There is talk about building a new terminal market for New York. With thought that it may come tumbling down, I had a little conversation with myself about the possibility of a new market.
One could go on and on with various ways to create better rules and, since the future is uncertain, it is only prudent that the industry associations do their best to influence the ultimate rules. We shouldn't kid ourselves, however: Either the rules will water down the law as to make the law inconsequential, or the law will be a terrible thing. In either case, COOL should be repealed.
This year, the Mystery Shopper Report focuses on the non-verbal interaction with consumers: The signage, displays, literature available, and the labels - all the countless ways retailers communicate with a customer in the department. There is an opportunity to build business in the silent interactions between consumers and our produce every single day. The question is, will the industry seize the opportunity?
Will Internet shopping continue to grow? Will it change the way produce is bought in the trade or sold to consumers? Is there action that needs to be taken by the produce industry to capitalize on an opportunity? Or is a passive approach - letting the chips fall where they may - likely to lead to success?
Public officials' acceptance of money under the table erodes the foundation of society. It undermines the assumption of honesty and trust that is a prerequisite for both a capitalist economy and a republican government. The recent Hunts Point Market bribery scandal is a black mark on the industry's reputation. But the industry should be grateful for the scandal, as it brought to the surface a serious problem.
The argument against genetically modified foods has always been more a generalized fear of the unknown - Franken-foods - than a scientific case. In contrast, the benefits of using genetic tools to alter the food supply are tangible.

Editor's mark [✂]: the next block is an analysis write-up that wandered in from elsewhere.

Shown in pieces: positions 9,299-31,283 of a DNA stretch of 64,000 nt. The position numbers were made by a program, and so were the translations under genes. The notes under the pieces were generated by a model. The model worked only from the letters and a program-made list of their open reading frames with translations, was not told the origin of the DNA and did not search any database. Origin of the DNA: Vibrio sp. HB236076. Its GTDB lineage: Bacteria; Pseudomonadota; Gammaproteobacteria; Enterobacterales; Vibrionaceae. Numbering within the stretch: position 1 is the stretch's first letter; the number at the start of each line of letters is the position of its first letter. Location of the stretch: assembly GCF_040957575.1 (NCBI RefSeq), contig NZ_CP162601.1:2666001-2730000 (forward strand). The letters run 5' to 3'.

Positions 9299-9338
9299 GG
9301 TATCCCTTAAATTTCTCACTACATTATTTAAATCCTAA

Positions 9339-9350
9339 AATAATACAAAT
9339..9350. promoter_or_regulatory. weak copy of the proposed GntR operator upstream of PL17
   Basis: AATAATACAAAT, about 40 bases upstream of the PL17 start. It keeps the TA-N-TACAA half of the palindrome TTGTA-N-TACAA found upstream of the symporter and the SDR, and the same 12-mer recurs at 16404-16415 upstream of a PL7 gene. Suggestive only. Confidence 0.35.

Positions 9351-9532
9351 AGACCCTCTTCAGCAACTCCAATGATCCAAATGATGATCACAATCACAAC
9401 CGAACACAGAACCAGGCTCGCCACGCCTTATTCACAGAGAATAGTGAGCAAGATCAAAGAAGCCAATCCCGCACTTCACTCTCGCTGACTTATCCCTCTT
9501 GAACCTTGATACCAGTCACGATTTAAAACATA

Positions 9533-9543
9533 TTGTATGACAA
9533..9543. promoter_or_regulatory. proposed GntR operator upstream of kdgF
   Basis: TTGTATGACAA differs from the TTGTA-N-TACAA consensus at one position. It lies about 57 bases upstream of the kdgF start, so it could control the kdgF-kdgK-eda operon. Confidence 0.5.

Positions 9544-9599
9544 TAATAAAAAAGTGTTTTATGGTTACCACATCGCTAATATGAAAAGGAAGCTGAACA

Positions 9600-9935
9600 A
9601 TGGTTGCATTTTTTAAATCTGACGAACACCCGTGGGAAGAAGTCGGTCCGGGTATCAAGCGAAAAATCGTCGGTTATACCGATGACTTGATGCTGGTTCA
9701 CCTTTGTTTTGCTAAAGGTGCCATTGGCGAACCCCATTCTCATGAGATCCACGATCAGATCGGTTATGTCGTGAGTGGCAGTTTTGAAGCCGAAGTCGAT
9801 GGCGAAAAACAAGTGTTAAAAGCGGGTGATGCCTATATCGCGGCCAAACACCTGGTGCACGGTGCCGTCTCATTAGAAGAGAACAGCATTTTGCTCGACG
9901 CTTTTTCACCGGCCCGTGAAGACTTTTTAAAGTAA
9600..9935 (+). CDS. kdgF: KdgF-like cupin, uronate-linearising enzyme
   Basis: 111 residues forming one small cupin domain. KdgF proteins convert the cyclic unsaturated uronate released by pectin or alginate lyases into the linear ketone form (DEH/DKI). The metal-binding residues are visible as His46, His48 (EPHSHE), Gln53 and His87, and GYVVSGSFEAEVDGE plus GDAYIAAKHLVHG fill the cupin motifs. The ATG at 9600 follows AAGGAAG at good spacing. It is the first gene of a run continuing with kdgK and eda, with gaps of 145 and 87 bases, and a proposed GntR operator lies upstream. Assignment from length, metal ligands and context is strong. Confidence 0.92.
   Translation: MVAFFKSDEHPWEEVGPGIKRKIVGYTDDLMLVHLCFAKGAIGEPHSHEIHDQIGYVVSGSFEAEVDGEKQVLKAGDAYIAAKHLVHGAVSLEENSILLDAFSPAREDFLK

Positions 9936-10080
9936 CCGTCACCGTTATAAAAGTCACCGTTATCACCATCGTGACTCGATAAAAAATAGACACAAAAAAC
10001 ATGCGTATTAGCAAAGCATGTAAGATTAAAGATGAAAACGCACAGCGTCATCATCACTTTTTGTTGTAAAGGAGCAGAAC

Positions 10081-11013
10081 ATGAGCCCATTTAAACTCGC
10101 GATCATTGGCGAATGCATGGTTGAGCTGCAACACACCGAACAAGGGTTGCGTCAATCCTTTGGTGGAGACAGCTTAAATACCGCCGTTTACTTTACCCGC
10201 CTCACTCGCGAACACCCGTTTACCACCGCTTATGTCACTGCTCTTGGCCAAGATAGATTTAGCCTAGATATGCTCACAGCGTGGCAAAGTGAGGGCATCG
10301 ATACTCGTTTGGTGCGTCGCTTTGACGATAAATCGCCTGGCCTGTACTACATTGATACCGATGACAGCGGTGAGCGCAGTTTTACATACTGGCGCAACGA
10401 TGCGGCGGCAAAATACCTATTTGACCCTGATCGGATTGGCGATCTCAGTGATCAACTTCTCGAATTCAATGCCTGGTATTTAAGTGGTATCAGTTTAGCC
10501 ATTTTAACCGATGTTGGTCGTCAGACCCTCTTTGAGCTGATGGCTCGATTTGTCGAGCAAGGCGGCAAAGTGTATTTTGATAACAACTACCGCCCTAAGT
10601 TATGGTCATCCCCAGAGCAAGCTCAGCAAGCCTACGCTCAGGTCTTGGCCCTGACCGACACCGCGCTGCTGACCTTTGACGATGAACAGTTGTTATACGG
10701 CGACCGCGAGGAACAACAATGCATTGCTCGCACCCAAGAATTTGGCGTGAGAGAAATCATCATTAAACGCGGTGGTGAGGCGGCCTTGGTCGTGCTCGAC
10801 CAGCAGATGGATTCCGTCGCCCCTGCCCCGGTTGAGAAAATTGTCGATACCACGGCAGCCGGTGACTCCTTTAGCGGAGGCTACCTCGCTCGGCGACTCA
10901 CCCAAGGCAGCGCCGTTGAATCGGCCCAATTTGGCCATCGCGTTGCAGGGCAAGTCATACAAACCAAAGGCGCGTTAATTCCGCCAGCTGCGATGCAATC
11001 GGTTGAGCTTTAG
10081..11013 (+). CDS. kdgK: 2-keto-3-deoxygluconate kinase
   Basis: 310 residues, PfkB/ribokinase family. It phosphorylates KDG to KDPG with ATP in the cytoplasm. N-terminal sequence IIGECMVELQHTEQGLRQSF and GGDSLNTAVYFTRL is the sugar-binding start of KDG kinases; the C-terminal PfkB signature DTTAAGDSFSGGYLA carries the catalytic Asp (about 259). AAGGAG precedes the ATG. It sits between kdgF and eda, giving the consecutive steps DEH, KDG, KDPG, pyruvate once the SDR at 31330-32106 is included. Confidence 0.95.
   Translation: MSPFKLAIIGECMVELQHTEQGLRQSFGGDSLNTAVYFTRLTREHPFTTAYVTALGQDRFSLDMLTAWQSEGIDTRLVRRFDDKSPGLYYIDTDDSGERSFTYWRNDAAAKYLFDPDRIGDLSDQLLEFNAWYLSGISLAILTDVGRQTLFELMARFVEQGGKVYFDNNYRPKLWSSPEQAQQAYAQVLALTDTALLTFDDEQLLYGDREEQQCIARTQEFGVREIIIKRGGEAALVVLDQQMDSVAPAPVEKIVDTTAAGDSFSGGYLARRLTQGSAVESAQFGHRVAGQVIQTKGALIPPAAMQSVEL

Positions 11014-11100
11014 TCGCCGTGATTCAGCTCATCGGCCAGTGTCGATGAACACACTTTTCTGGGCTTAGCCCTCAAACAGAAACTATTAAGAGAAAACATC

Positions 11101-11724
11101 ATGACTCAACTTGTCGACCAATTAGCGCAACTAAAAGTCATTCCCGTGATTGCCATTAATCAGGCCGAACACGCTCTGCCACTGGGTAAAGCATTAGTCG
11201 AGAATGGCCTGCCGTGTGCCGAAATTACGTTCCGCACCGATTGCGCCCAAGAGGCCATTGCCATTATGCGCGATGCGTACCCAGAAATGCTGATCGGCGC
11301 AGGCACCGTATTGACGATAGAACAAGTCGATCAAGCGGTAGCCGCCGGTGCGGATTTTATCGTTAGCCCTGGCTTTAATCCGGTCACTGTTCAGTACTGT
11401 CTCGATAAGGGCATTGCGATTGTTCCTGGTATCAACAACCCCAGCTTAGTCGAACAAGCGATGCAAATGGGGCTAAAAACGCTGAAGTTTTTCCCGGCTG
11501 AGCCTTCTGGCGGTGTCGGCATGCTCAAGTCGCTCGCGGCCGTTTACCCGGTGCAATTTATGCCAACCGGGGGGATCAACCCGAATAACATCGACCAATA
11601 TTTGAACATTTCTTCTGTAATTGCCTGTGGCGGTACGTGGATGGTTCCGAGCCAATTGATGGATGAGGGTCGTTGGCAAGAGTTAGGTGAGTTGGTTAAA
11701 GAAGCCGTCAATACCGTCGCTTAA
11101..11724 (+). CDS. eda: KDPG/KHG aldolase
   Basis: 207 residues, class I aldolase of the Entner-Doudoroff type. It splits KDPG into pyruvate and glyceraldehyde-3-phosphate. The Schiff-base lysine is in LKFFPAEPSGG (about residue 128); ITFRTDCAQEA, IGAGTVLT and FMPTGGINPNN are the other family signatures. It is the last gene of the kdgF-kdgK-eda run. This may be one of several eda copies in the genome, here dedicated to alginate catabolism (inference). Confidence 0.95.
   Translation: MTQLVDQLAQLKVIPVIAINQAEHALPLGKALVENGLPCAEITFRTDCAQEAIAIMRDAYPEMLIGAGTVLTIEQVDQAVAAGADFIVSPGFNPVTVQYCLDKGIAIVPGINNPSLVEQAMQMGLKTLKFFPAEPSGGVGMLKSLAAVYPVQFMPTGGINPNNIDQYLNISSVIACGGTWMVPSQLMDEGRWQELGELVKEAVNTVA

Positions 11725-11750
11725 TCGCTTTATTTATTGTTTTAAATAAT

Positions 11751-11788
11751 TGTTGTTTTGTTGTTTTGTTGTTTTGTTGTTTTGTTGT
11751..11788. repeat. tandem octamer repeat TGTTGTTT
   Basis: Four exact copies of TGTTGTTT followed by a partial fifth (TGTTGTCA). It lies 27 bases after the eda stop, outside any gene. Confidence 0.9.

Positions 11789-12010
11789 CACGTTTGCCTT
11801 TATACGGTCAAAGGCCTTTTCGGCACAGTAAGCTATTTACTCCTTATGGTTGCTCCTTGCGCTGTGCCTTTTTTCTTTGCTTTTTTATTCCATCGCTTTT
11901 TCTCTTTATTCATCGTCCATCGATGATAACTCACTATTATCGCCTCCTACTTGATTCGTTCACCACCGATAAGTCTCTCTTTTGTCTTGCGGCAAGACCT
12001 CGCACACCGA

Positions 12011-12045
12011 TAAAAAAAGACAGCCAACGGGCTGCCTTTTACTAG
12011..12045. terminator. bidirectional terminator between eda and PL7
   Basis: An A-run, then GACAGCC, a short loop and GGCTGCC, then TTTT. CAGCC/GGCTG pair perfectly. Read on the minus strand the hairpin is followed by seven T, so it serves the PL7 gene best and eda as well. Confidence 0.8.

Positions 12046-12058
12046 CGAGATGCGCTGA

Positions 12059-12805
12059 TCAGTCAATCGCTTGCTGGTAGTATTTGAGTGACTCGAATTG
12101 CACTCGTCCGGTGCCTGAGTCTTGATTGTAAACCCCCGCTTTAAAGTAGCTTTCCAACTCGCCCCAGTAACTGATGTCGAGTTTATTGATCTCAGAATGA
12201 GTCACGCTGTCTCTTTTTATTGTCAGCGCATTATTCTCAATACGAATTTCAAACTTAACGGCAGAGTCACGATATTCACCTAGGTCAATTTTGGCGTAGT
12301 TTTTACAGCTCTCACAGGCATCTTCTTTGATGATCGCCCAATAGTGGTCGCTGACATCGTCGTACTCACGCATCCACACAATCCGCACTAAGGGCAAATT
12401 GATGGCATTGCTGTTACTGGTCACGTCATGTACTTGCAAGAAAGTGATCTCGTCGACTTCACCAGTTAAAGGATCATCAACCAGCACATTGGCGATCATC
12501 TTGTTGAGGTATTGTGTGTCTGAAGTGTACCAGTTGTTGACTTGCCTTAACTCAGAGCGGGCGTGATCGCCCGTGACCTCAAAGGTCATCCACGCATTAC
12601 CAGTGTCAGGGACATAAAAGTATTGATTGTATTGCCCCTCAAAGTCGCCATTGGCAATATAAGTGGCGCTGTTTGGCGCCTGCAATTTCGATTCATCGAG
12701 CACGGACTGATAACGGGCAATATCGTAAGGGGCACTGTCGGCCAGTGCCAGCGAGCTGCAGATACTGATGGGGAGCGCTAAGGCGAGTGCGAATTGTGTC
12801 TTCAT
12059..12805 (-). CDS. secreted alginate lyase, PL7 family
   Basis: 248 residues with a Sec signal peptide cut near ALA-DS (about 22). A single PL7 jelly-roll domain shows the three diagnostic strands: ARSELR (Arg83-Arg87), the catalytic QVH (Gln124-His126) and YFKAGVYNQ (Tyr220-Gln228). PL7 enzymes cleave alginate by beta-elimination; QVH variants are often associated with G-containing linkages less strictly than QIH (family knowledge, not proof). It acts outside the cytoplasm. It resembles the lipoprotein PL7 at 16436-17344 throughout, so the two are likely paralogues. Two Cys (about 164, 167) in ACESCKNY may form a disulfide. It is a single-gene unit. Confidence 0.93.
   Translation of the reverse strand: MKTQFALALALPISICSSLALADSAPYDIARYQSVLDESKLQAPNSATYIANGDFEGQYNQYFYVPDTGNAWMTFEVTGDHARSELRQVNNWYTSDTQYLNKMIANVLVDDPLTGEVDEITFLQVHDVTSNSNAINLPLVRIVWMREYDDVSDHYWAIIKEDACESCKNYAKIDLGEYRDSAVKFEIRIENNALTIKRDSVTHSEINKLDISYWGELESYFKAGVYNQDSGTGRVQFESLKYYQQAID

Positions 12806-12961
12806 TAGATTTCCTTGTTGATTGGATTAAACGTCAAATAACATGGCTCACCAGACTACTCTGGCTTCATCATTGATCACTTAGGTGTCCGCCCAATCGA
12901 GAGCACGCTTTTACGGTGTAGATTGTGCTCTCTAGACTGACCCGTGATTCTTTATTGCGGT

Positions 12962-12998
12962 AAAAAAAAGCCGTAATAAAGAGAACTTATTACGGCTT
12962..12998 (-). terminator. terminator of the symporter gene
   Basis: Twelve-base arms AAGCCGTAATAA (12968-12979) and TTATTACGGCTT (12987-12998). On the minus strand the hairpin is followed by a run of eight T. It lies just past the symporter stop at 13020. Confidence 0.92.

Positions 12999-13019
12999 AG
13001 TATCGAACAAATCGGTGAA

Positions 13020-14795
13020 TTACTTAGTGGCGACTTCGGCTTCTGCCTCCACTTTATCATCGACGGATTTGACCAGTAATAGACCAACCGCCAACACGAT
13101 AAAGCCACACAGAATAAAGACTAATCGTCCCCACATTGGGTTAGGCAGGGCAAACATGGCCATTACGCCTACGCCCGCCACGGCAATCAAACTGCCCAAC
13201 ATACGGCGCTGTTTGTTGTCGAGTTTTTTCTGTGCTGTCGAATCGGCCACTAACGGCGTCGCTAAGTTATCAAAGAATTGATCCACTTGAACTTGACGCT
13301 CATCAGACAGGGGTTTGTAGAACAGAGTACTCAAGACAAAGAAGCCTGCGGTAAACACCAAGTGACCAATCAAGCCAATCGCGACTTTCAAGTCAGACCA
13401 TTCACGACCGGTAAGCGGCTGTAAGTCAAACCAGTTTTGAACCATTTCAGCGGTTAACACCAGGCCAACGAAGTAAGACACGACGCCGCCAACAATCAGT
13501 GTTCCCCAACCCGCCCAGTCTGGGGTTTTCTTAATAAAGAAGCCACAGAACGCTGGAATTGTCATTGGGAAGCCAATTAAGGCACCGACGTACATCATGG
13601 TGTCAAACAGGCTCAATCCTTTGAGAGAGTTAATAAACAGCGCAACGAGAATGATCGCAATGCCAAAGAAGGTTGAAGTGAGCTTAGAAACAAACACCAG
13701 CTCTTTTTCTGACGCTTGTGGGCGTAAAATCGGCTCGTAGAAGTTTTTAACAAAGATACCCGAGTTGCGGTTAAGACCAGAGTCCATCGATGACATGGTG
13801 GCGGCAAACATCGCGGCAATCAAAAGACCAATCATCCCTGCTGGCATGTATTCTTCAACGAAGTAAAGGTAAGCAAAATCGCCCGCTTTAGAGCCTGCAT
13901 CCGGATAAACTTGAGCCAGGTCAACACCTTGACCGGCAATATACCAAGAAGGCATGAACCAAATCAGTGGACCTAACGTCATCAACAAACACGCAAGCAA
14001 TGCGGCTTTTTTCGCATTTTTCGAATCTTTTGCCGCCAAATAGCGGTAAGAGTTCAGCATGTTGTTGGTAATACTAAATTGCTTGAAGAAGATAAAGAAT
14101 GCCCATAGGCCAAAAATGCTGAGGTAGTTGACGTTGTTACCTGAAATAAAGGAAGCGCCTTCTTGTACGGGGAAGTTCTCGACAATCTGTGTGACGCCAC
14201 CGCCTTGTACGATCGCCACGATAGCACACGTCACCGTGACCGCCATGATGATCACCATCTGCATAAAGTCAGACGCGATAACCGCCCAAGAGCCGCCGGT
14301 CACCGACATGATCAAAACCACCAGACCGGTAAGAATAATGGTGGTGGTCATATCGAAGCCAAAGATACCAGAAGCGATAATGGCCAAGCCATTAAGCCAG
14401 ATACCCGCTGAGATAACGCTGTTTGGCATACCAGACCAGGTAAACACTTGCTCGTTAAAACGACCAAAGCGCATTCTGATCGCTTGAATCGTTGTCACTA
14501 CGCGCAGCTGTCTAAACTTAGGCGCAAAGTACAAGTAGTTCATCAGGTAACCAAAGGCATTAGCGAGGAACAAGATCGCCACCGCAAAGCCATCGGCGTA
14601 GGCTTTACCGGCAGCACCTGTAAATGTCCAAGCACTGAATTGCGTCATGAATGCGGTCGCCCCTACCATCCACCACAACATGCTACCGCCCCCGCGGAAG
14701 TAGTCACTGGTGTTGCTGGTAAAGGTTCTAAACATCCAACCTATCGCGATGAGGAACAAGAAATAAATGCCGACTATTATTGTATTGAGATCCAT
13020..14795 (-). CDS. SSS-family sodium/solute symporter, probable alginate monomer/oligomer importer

Suppliers are known for their unhappiness with retailers. Yet the 1999 PRODUCE BUSINESS survey of suppliers to identify retailers that exercise excellence in merchandising, marketing and management also found suppliers generous with praise for retailers around the country. What are the traits of retailers that most win the praise of suppliers? We've changed the names to protect the innocent - and the guilty.
There is no place in the supermarket more competitive than the produce department's fresh-cut display cooler. Although issues such as space and promotion of new items are understandable from the retail perspective, it is also clear that it poses grave challenges for the future of the produce business. For the defining journey that produce has been making since the advent of fresh-cuts is a merging into the mainstream of the food business.
When I study retail merchandising programs I find that stores are missing out on volume and profits because they don't adequately promote items that move quickly, excite customers and make money but that require special labor allocations to be done correctly. In fact it is shocking how often people miss opportunities for profit just because it means adjusting labor schedules or restocking racks.